BWW Reviews: Theatre Southwest's HOW THE OTHER HALF LOVES is Delightful, Light Comedy

L to R: William (Scott McWhirter), Bob (Brian Heaton),
Mary (Michelle Drake Wilson) and Theresa (Autumn Woods).

Prodigious playwright Alan Ayckbourn has been acclaimed for his craft many times during his lengthy career. Currently, Theatre Southwest is presenting his first really successful play HOW THE OTHER HALF LOVES. The 6 person comedy first debuted in 1969 at The Stephen Joseph Theatre in Scarborough, England. It went on to find success in London's West End, opening on August 5, 1970, and on Broadway, opening on March 29, 1971. The production at Theatre Southwest exemplifies why the sidesplitting comedy was so well received.

In the play, it's the early 70s and one Wednesday night, filled with debauchery and marital infidelities, is poised to ruin lives. However, with dexterous speed, Bob Phillips (who is married to Theresa) and Fiona Foster (who is married to Frank) bury their secret affair in lies about William Detweiler cheating on his wife Mary and vice versa. Over the course of the four scenes, all secrets threaten to be revealed. With these zany caricatures, true madcap comedy ensues.

David Hymel directs the piece with enthusiasm and has coached his cast to create vividly colored and vibrant personas that entertain with ease. However, where he shines the most is in Act I, Scene 2, where the writing overlaps a Thursday night dinner party at the Fosters' home with a Friday night dinner party at the Phillips' home. The common ground between the two parties is that the Detweilers were the guests at both. Without missing a beat, the cast jumps back and forth between the two tumultuous events without ever confusing the audience. Deftly, David Hymel stages the scene with ease, having the Detweilers adjust their position in their chairs to show the audience when they are with the Fosters and when they are with the Phillips. Moreover, the action never stops in either location. Thus, when the Fosters are not interacting with the Detweiliers they are pantomiming something else, and the same is true for the Phillips. The end product is a memorable and delightfully hilarious moment of affective low-budget, high-imagination theatrical magic at its finest.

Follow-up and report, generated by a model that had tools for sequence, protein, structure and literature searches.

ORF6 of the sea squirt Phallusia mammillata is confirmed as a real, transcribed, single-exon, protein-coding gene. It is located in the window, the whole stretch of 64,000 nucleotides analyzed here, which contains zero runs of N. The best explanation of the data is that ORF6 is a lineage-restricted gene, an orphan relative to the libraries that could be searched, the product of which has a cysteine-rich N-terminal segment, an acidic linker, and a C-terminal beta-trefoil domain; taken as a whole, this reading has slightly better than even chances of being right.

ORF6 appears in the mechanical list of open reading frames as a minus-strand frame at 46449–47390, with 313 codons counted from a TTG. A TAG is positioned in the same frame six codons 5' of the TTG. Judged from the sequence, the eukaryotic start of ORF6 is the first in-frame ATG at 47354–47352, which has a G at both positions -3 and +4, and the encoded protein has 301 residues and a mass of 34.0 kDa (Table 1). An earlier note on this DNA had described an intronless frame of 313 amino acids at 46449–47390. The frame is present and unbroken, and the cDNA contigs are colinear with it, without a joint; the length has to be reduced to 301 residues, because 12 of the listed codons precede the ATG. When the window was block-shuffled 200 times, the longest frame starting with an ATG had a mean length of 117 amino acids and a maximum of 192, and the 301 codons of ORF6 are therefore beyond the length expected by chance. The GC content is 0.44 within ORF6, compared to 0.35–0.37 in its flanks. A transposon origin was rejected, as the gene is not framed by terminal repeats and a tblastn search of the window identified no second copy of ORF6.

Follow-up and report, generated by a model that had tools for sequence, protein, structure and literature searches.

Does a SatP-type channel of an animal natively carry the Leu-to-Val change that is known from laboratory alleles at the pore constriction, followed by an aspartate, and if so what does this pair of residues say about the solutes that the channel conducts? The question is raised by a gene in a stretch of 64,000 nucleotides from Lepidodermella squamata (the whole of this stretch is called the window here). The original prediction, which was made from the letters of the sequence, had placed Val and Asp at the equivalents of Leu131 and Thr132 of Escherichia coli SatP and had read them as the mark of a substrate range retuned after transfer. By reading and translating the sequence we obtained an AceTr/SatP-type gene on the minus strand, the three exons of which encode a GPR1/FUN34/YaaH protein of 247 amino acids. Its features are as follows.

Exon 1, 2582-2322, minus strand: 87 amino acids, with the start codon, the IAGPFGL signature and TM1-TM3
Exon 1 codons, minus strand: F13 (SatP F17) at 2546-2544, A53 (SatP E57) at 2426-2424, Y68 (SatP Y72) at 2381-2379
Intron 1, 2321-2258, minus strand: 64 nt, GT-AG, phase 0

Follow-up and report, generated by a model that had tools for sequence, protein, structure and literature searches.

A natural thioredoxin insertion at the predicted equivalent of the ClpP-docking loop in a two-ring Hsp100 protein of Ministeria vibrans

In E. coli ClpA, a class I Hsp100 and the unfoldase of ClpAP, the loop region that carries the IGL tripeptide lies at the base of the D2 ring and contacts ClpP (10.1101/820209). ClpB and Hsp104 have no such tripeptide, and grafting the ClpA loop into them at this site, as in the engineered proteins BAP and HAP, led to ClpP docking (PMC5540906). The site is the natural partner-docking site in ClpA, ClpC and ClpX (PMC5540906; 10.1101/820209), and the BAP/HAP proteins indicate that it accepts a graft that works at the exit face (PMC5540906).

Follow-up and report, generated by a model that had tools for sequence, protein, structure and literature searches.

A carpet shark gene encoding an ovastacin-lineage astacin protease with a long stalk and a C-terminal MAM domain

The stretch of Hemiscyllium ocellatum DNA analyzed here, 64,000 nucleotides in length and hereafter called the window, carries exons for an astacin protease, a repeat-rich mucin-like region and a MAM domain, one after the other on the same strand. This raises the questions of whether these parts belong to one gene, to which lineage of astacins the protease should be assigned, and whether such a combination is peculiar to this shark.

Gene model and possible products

Fiona (Crys Hymel) & Frank (Scott Holmes).

Another exuberantly fun aspect is in Alan Aykbourn's writing for the play, which showcases the differences between social classes. Brian Heaton as Bob Phillips and Autumn Woods as Theresa Phillips are at the lower-end of the spectrum of the American Middle Class. Their struggles are familial obligations, monetary concerns, and frequent trips to the bar. As a couple, they yell at each other in a way that is familiar to anyone who has ever seen sitcoms like Roseanne or Grace Under Fire. At the other end of the spectrum are Crys Hymel's Fiona Foster and Scott Homes Frank Foster. With their wealth and status, their problems are not as tangible as they all center on impressions and impressing. Yet, each of these four actors imbues their characters with everything required to adequately convey this disparity. This makes the extramarital coupling between Fiona Foster and Bob Phillips all the more unlikely and all the more comical as the audience believes in the personages brought to life on the stage.

Somewhere in between the two central couples are Mary and William Detweiler, played perfectly by Michelle Drake Wilson and Scott McWhirter. Throughout the show, they are referred to as being mild mannered and even boring; however, once they are lead to incorrectly believe that the other has cheated, their manners crumble and some of the play's most humorous lines are delivered with a laudable deadpan style from each performer.

David Hymel and John Stevens Set Design mirrors the disparity in class between the two main couples. The left side of the stage is the Phillips home. It is sparsely decorated and the furniture is a humble mismatching of odds and ends. The right side of the stage is the Fosters' home. The architecture features flourishes, the décor is purposeful, and the furniture is well matched. This is also brought out in John Kaiser's painted floor. For the left side, he has created the look of old linoleum tiles. For the right side, he has given the illusion of hardwood floors.




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David Clarke David Clarke has had a lifelong love and passion for the performing arts, and has been writing about theatre both locally and nationally for years. He joined BroadwayWorld.com running their Houston site in early 2012 and began writing as the site's official theatre recording critic in June of 2013.


 
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